Dotty Leatherwood, CRMC’s Vice President of Communications, Marketing and Outreach, says the program has helped to reduce the hospital’s readmission rate for its nearly 600 CHF patients each year from a rate of 25 percent per year to below 10 percent. “It’s made a big difference for individual patients, and for the CHF population overall,” she says. Care Solutions’ staff also worked with local nursing homes and home health agencies to standardize the education they receive. “Just because they leave the hospital doesn’t mean we leave them.”
St. Luke’s Hospital in Cedar Rapids, Iowa, part of the Iowa Health System, has for some time focused on effective discharge planning for patients with CHF. St. Luke’s redesigned its discharge process as part of its work with Transforming Care at the Bedside
, a partnership between IHI and the Robert Wood Johnson Foundation. IHI’s How-to Guide: Creating an Ideal Transition Home for Patients with Heart Failure
describes the work at St. Luke’s (along with some other hospitals) to illustrate the four main components that can help patients with CHF safely leave the hospital:
- Enhanced admission assessment for post-discharge needs, by a comprehensive care team, and including medication reconciliation
- Enhanced teaching and learning, both for patients and family caretakers
- Patient- and family-centered handoff communication, whether the patient is returning home or to a long-term care facility, including medication reconciliation
- Post-acute care follow-up, including a face-to-face visit at home and/or with a doctor, within 48 hours of discharge
St. Luke’s Transitions Home program specifically includes clearly written information given to patients on admission; a patient-education technique called “Teach Back,” used with patients in the hospital and after discharge; and follow-up care that includes a home visit with a nurse within 48 hours of discharge, a physician office visit within three to five days, and a telephone call on Day 7 from an advanced practice nurse. The hospital also offers weekend classes on heart failure management and diet, designed to anticipate patients’ need for ongoing reinforcement and support.
Teach Back entails asking patients to repeat back in their own words what they have learned. Clinicians are trained to use this technique in a way that does not feel to the patient like a test, but rather a double-check on how well the clinician has explained things.
“We use the same set of questions across the continuum,” says Peg Bradke, RN, MA, Director of Heart Care Services at St. Luke’s. These are:
- What is the name of your “water pill”?
- What weight gain should you report to your doctor?
- What foods should you avoid?
- What symptoms should you report to your doctor?
Currently, Bradke says the Teach Back rate of correct patient responses is greater than 80 percent.
The written materials are short and clear, says Bradke. “We looked at our health literacy information, and asked ourselves how we could succinctly get across the information we want patients to know, and how to make it visual,” she says. Using feedback from focus groups, the heart failure improvement team, which included a patient’s family member, designed simple information packets using a “green-yellow-red zone” graphic showing patients how to interpret daily symptoms. Patients are also given refrigerator magnets with information about when to call the doctor.
Critical Information Refrigerator Magnet
The program is bringing St. Luke’s heart failure readmission rates steadily down. Says Bradke, “Our monthly CHF readmission rates are half of what they were prior to the implementation of the new transition home process.”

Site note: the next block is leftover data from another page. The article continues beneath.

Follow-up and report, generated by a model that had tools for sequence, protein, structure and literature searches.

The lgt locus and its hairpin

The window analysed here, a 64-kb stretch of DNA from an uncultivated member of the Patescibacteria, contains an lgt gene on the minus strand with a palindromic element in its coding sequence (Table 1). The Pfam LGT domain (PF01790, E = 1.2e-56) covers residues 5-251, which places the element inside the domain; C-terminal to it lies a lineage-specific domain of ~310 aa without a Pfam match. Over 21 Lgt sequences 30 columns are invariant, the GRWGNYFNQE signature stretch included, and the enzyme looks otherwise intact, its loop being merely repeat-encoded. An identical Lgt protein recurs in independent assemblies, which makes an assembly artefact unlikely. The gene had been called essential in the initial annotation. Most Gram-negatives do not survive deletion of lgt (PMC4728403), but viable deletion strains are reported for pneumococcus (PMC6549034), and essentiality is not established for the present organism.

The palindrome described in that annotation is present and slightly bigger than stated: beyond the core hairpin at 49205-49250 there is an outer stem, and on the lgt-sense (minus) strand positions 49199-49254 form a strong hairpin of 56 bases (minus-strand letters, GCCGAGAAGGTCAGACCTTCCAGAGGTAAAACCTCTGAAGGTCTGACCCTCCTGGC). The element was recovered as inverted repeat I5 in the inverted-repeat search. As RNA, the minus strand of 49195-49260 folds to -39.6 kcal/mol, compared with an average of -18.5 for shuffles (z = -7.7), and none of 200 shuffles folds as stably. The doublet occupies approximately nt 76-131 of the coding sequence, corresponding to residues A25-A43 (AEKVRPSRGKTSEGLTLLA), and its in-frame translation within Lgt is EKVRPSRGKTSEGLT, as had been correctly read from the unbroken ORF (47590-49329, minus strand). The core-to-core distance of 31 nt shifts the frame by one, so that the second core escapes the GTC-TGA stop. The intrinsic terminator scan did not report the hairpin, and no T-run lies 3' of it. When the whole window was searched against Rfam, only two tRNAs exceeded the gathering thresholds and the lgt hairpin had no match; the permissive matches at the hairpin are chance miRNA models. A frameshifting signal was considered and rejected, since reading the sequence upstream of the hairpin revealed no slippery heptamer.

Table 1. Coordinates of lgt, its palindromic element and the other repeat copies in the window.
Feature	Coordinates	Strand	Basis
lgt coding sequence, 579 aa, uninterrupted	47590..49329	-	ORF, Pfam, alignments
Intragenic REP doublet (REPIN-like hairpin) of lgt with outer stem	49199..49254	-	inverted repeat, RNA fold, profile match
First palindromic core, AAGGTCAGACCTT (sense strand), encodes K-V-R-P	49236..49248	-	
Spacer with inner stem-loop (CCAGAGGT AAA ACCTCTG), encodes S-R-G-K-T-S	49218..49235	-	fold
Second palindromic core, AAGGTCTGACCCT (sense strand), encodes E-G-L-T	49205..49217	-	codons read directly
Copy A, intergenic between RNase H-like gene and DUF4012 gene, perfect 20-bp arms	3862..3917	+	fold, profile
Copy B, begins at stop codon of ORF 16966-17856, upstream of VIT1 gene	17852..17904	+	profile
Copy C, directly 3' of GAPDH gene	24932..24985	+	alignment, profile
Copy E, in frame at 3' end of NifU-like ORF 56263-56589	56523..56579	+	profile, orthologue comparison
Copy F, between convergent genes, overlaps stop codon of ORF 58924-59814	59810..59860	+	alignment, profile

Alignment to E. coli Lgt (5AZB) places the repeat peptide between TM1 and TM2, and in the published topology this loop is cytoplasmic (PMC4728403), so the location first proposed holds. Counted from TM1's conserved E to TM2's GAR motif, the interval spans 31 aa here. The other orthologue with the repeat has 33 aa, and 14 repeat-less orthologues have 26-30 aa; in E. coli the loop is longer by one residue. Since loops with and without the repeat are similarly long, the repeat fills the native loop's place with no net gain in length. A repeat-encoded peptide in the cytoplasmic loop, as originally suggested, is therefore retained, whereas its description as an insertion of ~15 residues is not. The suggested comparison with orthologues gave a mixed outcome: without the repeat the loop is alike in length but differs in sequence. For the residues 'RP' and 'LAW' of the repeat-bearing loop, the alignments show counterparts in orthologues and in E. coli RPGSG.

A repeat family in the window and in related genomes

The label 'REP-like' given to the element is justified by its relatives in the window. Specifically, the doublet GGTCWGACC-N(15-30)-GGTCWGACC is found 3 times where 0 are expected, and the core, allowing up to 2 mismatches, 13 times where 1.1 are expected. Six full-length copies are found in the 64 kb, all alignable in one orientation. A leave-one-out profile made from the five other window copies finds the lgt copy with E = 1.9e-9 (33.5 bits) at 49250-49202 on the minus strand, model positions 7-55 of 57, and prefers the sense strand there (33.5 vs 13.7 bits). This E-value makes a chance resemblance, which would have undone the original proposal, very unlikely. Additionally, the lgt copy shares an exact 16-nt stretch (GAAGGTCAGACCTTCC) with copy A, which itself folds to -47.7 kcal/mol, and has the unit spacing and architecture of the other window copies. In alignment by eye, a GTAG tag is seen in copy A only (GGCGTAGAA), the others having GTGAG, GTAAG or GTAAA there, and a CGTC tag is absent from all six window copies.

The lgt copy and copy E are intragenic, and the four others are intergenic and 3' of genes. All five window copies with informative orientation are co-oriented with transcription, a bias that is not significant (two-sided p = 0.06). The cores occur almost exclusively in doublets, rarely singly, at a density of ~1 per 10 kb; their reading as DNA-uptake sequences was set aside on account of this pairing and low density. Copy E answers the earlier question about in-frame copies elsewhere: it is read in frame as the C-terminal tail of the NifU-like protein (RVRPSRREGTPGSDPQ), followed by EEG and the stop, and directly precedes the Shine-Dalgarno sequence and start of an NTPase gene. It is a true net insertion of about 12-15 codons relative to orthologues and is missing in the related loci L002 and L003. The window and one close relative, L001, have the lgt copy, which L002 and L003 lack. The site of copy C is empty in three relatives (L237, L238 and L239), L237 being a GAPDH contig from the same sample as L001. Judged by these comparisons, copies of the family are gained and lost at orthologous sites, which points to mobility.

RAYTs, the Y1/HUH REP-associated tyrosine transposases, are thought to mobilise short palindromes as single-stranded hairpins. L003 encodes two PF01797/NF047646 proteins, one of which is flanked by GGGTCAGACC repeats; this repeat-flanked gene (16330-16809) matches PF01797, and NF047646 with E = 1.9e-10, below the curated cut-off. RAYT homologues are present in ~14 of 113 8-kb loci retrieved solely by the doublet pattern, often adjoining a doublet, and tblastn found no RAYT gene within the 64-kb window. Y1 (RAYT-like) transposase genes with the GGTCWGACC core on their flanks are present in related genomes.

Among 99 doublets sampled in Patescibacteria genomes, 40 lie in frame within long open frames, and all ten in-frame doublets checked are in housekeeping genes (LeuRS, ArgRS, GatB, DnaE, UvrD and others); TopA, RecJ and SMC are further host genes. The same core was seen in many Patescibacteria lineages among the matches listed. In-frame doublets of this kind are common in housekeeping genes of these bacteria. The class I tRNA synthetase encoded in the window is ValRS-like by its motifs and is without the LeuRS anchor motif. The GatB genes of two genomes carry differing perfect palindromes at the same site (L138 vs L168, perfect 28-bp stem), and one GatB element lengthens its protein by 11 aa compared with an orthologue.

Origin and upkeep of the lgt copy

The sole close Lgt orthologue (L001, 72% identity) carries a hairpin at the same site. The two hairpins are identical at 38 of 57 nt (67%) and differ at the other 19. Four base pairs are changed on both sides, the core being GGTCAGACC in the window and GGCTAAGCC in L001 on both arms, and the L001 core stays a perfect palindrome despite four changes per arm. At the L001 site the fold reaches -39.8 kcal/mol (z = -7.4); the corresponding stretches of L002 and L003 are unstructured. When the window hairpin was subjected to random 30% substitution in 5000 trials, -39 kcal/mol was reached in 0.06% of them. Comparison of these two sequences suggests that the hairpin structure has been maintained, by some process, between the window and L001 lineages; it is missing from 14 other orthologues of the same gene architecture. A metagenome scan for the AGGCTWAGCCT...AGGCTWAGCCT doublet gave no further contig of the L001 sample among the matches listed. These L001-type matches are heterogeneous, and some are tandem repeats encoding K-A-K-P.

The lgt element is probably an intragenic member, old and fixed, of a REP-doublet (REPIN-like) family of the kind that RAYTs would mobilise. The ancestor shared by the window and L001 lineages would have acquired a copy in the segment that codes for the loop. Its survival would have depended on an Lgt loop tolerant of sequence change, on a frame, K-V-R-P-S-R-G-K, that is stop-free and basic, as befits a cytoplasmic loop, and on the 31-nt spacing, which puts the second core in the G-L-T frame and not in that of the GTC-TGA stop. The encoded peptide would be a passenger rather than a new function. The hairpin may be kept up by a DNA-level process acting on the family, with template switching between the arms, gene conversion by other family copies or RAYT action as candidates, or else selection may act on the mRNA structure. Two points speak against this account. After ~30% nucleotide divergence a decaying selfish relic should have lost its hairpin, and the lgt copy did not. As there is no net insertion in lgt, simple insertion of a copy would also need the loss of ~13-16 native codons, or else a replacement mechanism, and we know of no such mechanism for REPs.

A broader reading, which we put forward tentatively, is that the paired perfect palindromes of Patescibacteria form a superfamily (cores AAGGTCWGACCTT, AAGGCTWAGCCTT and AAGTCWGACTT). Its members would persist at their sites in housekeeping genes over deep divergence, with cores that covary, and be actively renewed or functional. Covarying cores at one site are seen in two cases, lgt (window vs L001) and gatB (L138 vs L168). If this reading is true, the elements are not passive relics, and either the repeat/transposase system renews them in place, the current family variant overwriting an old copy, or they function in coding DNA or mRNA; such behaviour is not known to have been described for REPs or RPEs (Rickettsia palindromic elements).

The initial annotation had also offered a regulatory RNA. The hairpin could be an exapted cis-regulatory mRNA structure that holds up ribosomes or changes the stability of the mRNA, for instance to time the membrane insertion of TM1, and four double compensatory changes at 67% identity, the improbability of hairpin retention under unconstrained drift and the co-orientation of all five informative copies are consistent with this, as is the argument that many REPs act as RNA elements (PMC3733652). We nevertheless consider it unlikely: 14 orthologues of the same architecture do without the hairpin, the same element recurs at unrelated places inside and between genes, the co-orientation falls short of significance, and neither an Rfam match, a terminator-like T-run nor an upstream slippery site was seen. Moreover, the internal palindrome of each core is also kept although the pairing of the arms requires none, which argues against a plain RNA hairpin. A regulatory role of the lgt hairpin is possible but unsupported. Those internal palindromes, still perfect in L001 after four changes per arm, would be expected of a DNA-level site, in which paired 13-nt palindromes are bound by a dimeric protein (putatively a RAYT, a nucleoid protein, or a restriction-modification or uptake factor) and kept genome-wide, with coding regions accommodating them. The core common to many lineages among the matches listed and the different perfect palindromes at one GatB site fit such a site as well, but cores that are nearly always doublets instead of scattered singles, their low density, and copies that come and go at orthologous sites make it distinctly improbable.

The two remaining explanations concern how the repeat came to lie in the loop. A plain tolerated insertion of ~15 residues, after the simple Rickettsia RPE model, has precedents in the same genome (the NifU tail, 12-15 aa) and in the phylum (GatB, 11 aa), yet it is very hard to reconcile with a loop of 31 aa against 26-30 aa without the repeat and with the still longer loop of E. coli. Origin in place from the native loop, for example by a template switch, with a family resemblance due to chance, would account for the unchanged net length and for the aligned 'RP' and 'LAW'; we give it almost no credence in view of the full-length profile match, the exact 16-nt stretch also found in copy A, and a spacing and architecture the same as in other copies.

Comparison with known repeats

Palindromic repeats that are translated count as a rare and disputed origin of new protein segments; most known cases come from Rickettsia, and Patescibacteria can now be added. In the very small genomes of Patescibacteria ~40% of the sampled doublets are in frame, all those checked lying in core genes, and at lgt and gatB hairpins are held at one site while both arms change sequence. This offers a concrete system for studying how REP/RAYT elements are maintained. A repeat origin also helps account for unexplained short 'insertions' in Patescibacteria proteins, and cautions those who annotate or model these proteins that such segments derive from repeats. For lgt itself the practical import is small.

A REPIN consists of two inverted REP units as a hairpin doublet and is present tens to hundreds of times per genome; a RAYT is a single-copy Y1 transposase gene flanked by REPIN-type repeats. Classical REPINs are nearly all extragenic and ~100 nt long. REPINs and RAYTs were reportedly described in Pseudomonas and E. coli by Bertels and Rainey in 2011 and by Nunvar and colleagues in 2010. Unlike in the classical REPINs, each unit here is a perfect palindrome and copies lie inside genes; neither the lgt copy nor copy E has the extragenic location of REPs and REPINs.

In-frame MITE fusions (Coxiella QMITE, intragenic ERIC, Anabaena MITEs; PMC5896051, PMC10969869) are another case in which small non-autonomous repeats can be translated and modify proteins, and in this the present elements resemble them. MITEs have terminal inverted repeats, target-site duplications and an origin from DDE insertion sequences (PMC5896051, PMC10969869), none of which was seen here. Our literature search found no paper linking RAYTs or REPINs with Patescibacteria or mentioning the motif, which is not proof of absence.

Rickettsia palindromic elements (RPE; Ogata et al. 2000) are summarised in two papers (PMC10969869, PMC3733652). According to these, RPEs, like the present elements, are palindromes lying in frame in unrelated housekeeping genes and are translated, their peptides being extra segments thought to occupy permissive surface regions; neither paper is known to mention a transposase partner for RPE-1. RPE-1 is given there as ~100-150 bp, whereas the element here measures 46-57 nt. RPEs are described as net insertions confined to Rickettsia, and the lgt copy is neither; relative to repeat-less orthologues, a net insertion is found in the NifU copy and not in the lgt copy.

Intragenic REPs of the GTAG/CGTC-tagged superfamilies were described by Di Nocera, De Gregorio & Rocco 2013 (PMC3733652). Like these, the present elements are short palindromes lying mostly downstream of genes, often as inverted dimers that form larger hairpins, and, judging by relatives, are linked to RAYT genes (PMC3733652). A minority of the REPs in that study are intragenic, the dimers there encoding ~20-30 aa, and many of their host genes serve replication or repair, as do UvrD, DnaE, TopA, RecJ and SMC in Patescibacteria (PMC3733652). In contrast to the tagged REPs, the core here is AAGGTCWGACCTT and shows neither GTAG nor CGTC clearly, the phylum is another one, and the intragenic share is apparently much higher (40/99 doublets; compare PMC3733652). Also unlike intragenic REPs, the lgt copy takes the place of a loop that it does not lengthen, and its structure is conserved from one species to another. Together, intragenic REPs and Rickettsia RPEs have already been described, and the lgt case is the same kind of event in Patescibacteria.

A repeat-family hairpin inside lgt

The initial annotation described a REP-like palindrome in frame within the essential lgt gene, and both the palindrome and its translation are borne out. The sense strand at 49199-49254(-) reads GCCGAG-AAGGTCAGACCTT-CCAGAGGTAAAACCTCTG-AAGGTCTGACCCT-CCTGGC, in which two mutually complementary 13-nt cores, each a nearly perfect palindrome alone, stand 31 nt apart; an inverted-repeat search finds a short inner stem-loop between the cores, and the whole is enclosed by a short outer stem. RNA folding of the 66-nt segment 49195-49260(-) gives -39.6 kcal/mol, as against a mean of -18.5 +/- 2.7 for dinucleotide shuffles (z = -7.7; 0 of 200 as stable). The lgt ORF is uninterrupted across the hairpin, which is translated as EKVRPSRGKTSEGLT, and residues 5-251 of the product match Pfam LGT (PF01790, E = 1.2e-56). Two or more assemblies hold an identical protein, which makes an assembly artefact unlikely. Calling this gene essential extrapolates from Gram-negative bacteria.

Technology at Home
New technology is also playing a key role in keeping CHF patients out of the hospital. Kaiser Permanente is piloting a program at two of its California locations that combines more intensive human support with advanced technology for home monitoring.
“We have Transition Nurses whose sole job is to discover CHF patients when they are in the hospital, even patients who may not have been given that label,” says Philip Madvig, MD, Associate Medical Director of The Permanente Medical Group in Oakland, California.
Invaluable to this process is Kaiser’s CHF registry, possibly because Kaiser is an integrated system, managing patients both in and out of the hospital. The registry includes all Kaiser patients known to have CHF. So, in addition to identifying hospitalized CHF patients by looking at “red flag” tests and medications, Transition Nurses can run a cross-check of hospitalized patients with the CHF registry.
“Once they find these patients, they get directly involved in educating them and their families in the hospital, and also carry out medication reconciliation,” says Madvig. They manage the patient’s transition to ambulatory care, staying in touch with them for several weeks after discharge, helping them get follow-up appointments or referring them to disease management programs. “The nurses stay generally engaged with these patients for two to four weeks after discharge to assure that everything is falling into place and to make sure that unmet needs are addressed,” says Madvig.
Some patients in these pilot programs are referred to a home telemonitoring program, which involves training them on the use of a device that measures their weight, blood pressure, heart rate, and even blood glucose if they are also diabetic.
The patients use the device each morning, and data is automatically transmitted by modem to a call center monitored by nurse case managers. The software sorts the data, putting first on the list any patients whose data falls outside acceptable parameters defined by their doctors. “This is extremely useful,” says Madvig. “The nurse’s attention is immediately drawn to the patients in trouble, and she contacts the patient to advise him or her on medication or diet changes within a range already outlined by the doctor.” The nurse can also contact the patient’s doctor if necessary.
Madvig reports that this careful daily monitoring not only keeps the patient on target with medication and diet, but also serves as a training tool. “Of equal value is that patients develop a more sophisticated understanding of their own circumstances and how to make adjustments.” Most use the device for three to four months.
Madvig says that the two Kaiser centers that have piloted this program have cut the rate of hospitalization and readmission for CHF patients to about a third of the average rate system-wide. “This was not a controlled experiment, the patients weren’t randomized, but there is nothing else to explain this dramatic change,” says Madvig.
Kaiser is currently in the process of implementing the program in all 16 of its Northern California hospitals, and other Kaiser regions are watching and learning from the Northern California experience, says Madvig, with an eye toward integrating this program into their own CHF programs as appropriate.